Jump to content
Sign in to follow this  
Tarryall

Trailing arm bushings

Recommended Posts

Hi all!

 

I've followed the website for years, but haven't posted before. I've got a 2004 Platinum LE with 160K miles and runs great. It started life as my wife's car, and then was passed on to my son and then daughter as their "learning car" and daily driver. Along the way I put on a OME lift and Flowmaster exhaust, as well as a few other things. It has now migrated back to me for my alternate DD and I'm doing some basic maintenance. I'll post a picture when I get a chance.

 

My question has to do with the Trailing Arm bushings. I took the Pathy into dealer for the passenger airbag recall, which went fine, and when I picked it up they had also done a service inspection and noted cracks in the drive belts (yes) and wrote "rear links/bushings" as well. I thanked them for the inspection and told them I did all my own work and I'd take a look at it. I have never had any symptoms of a "death wobble" and all the bushings look fine, including the stab. bar. Everything is tight and there is only some occasional suspension thump noise from the rear over rough roads. I know there are problems with the earlier R50 TA bushings, but I thought at some point in the later years they were improved, and mine is a very late model production. I just don't remember where I saw that. I think the Nissan service department wrote it up as the the standard "rear bushings need replacement" without any inspection.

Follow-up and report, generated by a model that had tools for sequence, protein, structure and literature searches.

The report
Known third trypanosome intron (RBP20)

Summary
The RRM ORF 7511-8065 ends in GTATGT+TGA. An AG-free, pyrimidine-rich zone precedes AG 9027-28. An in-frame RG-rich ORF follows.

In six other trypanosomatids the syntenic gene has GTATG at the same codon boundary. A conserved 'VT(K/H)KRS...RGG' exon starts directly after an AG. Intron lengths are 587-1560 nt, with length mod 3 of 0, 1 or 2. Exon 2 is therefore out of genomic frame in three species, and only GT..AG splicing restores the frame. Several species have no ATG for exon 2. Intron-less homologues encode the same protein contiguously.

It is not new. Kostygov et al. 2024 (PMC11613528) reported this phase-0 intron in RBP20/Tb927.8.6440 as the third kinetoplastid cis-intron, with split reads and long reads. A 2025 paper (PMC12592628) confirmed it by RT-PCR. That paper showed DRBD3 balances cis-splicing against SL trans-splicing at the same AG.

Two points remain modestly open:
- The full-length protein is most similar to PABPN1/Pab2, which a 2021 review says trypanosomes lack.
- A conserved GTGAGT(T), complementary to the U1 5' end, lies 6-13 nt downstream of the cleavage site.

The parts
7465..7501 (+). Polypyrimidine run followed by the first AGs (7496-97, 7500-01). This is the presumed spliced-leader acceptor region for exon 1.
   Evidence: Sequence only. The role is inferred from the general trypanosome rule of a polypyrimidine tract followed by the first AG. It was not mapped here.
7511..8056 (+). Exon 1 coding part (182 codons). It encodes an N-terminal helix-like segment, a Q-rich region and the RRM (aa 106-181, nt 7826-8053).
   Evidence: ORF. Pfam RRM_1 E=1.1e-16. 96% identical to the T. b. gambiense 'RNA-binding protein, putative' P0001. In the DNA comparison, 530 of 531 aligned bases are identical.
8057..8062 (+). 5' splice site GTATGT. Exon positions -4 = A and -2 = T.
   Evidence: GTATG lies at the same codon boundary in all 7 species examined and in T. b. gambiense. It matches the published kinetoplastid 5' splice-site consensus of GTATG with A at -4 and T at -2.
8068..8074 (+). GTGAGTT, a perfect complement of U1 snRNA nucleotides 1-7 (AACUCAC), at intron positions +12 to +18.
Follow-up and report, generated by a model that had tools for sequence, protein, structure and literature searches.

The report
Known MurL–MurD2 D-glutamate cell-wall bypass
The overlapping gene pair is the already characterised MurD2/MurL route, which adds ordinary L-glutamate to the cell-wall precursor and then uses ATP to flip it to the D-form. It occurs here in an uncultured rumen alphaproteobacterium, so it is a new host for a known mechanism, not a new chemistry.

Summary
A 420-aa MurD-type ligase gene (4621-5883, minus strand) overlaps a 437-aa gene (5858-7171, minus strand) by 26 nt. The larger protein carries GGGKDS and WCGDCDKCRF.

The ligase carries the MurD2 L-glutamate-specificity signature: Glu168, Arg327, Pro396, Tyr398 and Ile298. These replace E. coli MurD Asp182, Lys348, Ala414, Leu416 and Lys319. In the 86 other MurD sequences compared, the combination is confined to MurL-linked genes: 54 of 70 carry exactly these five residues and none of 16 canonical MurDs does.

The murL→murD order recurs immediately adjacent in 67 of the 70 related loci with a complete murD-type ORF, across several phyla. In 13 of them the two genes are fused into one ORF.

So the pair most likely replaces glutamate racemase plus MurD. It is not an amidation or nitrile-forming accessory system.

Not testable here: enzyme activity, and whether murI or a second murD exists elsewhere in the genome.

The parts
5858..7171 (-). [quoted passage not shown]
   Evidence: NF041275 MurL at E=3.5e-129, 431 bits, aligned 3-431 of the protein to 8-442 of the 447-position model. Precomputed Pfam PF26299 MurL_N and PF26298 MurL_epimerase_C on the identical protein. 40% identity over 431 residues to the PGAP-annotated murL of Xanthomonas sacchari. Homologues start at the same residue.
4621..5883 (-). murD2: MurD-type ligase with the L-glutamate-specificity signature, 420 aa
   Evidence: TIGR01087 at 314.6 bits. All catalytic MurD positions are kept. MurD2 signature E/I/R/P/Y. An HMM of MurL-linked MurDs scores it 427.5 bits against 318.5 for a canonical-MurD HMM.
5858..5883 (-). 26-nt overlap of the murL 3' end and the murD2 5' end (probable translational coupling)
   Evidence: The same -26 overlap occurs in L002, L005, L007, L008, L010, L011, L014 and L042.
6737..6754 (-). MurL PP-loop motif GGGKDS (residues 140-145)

Does anyone know if the bushings were in fact improved at some point?

 

Thanks

SJC

Share this post


Link to post
Share on other sites

Quick way to check for differences is to compare part numbers for various years. Try using RockAuto or any other parts distributor website. Look up the item in question for your specific year and then compare it to other years checking for different part numbers, which would indicate there could be a variation

Share this post


Link to post
Share on other sites

Thanks. I don't think the part itself changed, but the quality of the bushings was upgraded after they became obvious for early failure. Again, I don't remember the source of that information.

 

SJC

Share this post


Link to post
Share on other sites

If you can't tell that something is wrong with them, they're probably fine. The occasional thump could just be nothing, or maybe a sway bar link? But that would be more of a clunk (getting into describing noises with words, oh boy). I've never had my trailing arm bushings wear out, but from what I gather it's fairly obvious when they do. I wouldn't worry about it, unless the dealership is willing to elaborate or show you how they know they 'need' to be replaced.

Share this post


Link to post
Share on other sites

Mine went out around 170K, the bushings were all chewed up and I had BAD death wobble on the highway, the whole rear end start shaking and throw the truck out of balance. Narrowly avoided a couple accidents going over bridges. I just ended up replacing both arms entirely for about 100$ cause I wanted it to be a quick job and din't have a press for the bushings. As far as preventative maintenance goes you could definitely spend your money/time on worse things. Rugged Rocks does sell adjustable length rear arms but they're pretty pricey.